-What efforts are there to reduce Common Mode Current and pickup on local electrofog/noise? Feed point choke/isolator/balun? Entrance point isolator/balun?
    [edit]-Have you previously swept your house for offending electronic devices?
    -Have you connected the SDR to another antenna?
    Last edited: Nov 7, 2020
  4. NM7G

    NM7G Ham Member QRZ Page

    In a word, antenna, antenna, antenna. OK, so it was three words.

    On a porch ceiling makes me think its not high enough, and thus its close to manmade noise sources (utilities, PCs, appliances). At 30 feet long, its way too short for 75m and 40m. Get some wire way up in the air, match antenna impedance to the SDR input, and you'll be much happier.
  5. K4BDA

    K4BDA Ham Member QRZ Page

    N6YWU... Thanks for the quick reply.
    Roger on the antenna and the NooElect RTL-SDR device.
    I've got an Eagle One vertical I'm going to hookup later this week. If not that a better long wire outdoors.
    On the NooElect RTL-SDR device... You listed Airspy, SDRPlay and Lime devices. Which of these would be the best choice?
    What SDR device would be a cut above those... without spending a fortune :)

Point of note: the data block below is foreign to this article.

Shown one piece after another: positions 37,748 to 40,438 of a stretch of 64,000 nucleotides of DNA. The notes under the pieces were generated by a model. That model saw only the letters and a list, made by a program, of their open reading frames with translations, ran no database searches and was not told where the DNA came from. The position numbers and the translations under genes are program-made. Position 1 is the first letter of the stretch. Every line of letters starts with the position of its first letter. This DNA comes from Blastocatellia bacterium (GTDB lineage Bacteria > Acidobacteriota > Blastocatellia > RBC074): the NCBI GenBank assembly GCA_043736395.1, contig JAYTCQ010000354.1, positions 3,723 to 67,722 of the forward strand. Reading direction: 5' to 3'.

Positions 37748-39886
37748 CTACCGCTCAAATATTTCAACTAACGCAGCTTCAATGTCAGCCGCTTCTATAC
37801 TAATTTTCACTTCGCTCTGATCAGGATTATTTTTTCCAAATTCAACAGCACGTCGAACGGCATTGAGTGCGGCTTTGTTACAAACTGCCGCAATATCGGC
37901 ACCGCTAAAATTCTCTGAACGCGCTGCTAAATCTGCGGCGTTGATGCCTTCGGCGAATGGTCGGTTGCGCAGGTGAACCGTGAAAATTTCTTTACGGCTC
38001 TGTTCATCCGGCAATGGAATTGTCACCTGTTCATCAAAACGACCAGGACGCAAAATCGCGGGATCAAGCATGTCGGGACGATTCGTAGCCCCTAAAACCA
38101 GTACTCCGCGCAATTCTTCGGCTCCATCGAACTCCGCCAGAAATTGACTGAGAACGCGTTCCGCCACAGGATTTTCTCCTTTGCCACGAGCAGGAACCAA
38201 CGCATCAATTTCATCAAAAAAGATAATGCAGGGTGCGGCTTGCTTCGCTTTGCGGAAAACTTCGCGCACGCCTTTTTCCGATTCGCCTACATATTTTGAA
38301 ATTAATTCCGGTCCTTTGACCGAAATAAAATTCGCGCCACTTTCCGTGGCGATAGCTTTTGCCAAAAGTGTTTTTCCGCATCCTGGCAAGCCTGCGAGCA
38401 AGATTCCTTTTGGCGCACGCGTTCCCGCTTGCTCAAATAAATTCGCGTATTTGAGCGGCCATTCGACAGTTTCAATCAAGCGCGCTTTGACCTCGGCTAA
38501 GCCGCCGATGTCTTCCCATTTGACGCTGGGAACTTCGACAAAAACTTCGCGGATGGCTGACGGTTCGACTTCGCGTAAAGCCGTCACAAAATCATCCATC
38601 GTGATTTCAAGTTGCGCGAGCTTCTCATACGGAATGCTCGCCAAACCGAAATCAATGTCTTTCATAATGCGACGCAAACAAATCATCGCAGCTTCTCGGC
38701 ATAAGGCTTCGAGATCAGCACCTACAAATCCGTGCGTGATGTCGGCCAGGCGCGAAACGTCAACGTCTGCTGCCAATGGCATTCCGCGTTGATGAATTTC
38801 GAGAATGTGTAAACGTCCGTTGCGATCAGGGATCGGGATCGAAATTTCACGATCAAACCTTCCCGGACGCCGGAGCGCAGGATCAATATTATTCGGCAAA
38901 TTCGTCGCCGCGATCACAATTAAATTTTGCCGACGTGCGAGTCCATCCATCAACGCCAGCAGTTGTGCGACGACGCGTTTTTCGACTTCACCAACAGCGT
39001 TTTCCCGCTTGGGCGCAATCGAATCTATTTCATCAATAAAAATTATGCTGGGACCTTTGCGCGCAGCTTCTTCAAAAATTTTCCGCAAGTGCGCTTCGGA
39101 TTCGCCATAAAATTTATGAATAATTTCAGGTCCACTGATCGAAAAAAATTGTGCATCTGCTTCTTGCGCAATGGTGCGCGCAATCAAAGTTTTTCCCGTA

Thanks again for the help.
  6. K4BDA

    K4BDA Ham Member QRZ Page

    KA0HCP, thank you for the reply.

    As mentioned in the original post I'm just using a long wire down the ceiling of our front porch for an antenna.
    It is connected directly to the Up converter RF input.
    I will be putting up a better antenna outside next week so hopefully that will help.
    Regarding "sweeping" the house for offending electronic devices... what device would you use to do that?
    I guess I could put together a broadband simple RF device signal strength meter but time tells me to just buy one :)

  7. KA9JLM

    KA9JLM Ham Member QRZ Page


    The Upconverter needs to have a well filtered power supply also.

    All of the computer signals mix and add up.

    A 6 foot usb extension like this should help.

    KA0HCP likes this.
  8. N6YWU

    N6YWU Ham Member QRZ Page

    The Lime devices are more for microwave experimentation, as they work above 2 GHz, but are not very sensitive for MF and HF listening.